$1.3B 'Brain in a Box' Project Faces Skepticism: Scientific American: At the heart of that approach is Markram's conviction that a good unifying model has to assimilate data from the bottom up. In his view, modelers should start at the most basic level--he focuses on ion channels because they determine when a neuron fires--and get everything working at one level before proceeding to the next. This requires a lot of educated guesses, but Markram argues that the admittedly huge gaps in knowledge about the brain can be filled with data as experiments are published--the Blue Brain model is updated once a week. The alternative approach, approximating and abstracting away the biological detail, leaves no way to be sure that the model's behavior has anything to do with how the brain works, said Markram.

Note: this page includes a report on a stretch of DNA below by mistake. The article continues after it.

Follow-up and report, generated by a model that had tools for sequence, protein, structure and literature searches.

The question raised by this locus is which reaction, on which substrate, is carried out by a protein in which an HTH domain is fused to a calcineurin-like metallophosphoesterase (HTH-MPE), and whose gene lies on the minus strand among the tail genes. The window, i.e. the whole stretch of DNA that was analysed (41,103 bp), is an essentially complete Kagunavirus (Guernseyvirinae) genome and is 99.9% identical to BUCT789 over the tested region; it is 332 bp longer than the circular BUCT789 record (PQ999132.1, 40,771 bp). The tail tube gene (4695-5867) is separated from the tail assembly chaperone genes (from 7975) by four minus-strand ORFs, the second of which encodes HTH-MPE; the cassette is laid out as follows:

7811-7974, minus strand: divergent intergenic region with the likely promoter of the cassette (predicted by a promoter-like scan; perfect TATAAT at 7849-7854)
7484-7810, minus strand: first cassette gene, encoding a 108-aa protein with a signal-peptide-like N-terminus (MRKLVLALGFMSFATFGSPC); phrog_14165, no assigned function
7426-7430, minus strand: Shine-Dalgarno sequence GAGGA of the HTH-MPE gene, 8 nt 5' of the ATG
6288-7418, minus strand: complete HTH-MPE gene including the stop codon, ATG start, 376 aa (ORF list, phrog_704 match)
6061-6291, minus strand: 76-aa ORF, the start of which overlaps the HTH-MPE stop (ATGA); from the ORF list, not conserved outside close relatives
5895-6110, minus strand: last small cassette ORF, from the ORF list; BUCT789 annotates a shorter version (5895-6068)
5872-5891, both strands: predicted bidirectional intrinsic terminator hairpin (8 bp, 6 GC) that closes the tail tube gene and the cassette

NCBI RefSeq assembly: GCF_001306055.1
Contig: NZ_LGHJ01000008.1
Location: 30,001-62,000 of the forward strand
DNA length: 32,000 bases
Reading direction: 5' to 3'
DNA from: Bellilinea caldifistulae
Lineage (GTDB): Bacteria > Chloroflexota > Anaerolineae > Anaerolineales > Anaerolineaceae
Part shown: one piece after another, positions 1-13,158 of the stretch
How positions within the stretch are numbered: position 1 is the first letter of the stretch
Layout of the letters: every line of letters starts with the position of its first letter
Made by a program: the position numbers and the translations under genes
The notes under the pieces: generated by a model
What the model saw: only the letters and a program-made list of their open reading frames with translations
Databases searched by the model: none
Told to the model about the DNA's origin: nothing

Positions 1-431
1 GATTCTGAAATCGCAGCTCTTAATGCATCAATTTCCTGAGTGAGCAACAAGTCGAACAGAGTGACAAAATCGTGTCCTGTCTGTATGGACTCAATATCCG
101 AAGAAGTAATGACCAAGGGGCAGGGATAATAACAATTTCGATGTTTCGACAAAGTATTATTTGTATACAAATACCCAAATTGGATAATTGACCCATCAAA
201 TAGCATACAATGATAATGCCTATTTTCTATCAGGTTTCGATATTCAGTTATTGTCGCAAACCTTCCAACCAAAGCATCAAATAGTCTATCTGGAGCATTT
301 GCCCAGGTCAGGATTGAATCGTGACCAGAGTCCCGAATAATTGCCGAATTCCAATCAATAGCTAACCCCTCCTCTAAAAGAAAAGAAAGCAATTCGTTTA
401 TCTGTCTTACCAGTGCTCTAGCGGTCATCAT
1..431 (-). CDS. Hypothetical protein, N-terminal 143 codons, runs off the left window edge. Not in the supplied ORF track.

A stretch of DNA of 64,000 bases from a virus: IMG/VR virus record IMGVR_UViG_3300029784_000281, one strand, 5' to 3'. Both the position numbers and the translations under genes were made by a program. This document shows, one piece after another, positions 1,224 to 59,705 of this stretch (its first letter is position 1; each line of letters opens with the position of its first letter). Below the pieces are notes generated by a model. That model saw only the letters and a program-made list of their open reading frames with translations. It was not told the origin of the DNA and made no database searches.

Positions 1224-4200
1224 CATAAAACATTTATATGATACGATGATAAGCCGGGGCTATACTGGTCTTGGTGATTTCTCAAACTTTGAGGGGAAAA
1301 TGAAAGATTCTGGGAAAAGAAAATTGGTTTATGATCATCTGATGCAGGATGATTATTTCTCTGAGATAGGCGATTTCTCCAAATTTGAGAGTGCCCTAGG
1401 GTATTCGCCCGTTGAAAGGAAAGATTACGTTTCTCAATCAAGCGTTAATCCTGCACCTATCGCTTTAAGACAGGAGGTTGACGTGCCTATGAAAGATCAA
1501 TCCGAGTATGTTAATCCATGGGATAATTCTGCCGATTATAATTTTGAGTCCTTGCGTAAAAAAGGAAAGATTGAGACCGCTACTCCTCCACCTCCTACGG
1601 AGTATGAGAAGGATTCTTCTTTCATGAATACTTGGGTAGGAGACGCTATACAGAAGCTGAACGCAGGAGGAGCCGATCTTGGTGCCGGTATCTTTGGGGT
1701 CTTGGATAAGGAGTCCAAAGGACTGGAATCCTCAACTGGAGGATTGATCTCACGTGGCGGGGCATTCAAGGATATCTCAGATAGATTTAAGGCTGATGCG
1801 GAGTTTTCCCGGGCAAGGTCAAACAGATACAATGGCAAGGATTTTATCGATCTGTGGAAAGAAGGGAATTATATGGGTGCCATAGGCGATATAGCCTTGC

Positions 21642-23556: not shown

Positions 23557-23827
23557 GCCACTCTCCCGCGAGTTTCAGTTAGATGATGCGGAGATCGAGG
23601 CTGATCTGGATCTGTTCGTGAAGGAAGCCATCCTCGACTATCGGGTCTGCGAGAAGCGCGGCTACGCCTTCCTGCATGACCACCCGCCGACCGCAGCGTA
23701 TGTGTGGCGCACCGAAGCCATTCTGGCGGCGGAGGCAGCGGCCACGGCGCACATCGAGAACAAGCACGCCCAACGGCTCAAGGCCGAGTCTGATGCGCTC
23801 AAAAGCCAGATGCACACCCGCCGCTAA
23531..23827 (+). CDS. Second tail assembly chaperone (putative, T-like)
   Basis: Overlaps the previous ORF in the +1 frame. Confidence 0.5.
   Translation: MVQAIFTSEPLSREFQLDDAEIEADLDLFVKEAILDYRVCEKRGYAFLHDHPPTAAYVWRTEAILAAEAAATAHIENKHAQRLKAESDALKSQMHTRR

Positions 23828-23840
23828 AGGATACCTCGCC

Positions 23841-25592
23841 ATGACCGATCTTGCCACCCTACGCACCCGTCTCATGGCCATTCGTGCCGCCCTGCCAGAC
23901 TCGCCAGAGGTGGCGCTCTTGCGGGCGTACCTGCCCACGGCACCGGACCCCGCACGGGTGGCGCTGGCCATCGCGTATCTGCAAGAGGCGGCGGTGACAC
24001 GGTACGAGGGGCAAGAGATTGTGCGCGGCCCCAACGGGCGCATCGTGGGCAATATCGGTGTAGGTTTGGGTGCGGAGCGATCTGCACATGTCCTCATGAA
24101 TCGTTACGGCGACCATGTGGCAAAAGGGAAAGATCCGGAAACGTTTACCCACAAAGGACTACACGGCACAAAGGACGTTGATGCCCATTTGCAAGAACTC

This is where other computational neuroscientists gnash their teeth. Most of them are already using simple models of individual neurons to explore high-level functions such as pattern recognition. Markram's bottom-up approach risks missing the wood for the trees, many of them argued in Bern: the model could be so detailed that it is no easier to understand than the real brain. And that is if Markram can build it at all. Judging by what Blue Brain has accomplished in the past six years, critics said, that seems unlikely. The tiny swathe of simulated rat cortex has no inputs from sensory organs or outputs to other parts of the brain, and produces almost no interesting behavior, pointed out Kevan Martin, co-director of the INI, in an e-mail. It is "certainly not the case" that Markram has simulated the column as it works in a whole animal, he said.